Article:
Lansdowne and Coopernook are quiet rural gateways to the broad rivers, lush valleys and high forests of the Manning Valley.
Coopernook means 'the elbow' in the local Biripi language.
First settled in 1848, this village lies in the Lansdowne River valley, adjacent to the Coorabakh National Park and the village of Langley Vale, which was served by the Langley Vale Timber Tramway from 1897 to 1933, as well as Coopernook and the Lansdowne State Forests.
Lansdowne was the main crossing point for travellers going to and from Port Macquarie for nearly 40 years. Lansdowne is the gateway to the Manning Valley's northern hinterland.
Peace and quiet has descended on the village of Coopernook since the Pacific Highway was diverted, making it even more attractive as the gateway to the northern forests which offer spectacular lookouts and waterfalls.
The local pub on the river offers friendly hospitality, great bistro meals and there is a riverside park close by which has barbecue facilities, a boat ramp and floating pontoon. Located on the banks of the Lansdowne River near where it meets the Manning River, this quaint village offers great fishing spots and picnic areas for the whole family to enjoy.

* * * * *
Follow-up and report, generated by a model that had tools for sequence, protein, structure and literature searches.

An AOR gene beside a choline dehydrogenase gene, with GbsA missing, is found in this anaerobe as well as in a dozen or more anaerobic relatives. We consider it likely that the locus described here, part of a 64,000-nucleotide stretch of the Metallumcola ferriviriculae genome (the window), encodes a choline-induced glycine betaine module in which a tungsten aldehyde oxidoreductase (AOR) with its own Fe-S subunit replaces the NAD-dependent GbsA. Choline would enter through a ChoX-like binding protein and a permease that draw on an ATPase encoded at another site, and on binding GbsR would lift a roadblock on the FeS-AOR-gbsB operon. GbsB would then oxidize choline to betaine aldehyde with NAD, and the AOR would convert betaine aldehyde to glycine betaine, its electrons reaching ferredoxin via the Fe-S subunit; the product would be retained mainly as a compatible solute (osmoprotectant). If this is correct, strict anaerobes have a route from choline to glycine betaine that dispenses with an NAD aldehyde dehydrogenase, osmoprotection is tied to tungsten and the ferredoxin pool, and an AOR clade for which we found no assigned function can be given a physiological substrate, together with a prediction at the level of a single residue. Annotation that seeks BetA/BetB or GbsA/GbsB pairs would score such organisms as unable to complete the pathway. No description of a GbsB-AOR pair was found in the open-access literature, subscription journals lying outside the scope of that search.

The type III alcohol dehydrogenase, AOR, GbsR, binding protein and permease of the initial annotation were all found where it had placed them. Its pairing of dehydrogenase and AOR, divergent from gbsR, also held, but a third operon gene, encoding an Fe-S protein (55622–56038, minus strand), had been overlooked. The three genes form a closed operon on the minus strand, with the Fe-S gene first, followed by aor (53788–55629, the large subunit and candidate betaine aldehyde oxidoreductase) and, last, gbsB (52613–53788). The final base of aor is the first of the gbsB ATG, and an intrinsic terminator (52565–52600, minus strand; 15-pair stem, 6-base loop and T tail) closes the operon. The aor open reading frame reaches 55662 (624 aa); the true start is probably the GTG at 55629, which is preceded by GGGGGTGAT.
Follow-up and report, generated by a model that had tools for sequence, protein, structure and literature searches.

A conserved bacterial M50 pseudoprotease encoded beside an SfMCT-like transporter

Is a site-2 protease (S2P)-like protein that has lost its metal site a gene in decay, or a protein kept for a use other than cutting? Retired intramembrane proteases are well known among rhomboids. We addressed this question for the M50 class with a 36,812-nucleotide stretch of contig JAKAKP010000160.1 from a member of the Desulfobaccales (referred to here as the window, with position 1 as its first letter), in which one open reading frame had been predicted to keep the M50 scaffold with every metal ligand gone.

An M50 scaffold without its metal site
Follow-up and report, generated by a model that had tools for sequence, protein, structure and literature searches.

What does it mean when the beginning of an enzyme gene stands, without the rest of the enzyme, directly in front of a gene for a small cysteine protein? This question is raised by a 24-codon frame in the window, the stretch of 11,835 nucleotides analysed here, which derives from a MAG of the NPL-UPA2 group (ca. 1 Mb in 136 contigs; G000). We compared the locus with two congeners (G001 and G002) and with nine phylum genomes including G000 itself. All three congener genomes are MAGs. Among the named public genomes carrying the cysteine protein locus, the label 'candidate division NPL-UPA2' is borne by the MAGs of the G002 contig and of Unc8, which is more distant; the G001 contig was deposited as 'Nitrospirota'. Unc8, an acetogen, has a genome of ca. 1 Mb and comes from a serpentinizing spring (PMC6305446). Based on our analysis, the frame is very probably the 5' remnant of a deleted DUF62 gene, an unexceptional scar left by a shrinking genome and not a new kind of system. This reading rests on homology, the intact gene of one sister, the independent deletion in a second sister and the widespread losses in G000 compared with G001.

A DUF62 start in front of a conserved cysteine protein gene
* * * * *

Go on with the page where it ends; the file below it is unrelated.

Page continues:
Coopernook means 'the elbow' in the local Aboriginal language, Biripi. This name refers to the bend in the Lansdowne River which looks like an elbow of an arm.
The village has several historic buildings including the primary school (1875), post office (1876) and the Coopernook Hotel, located on the edge of the Lansdowne River, established in the late 1920s.
Nearby attractions to Lansdowne and Coopernook include:
- Coorabakh National Park
- Newbys Creek Cave and Lookout
- Cattai Wetlands
- Lansdowne Nature Reserve
- The Three Brothers Region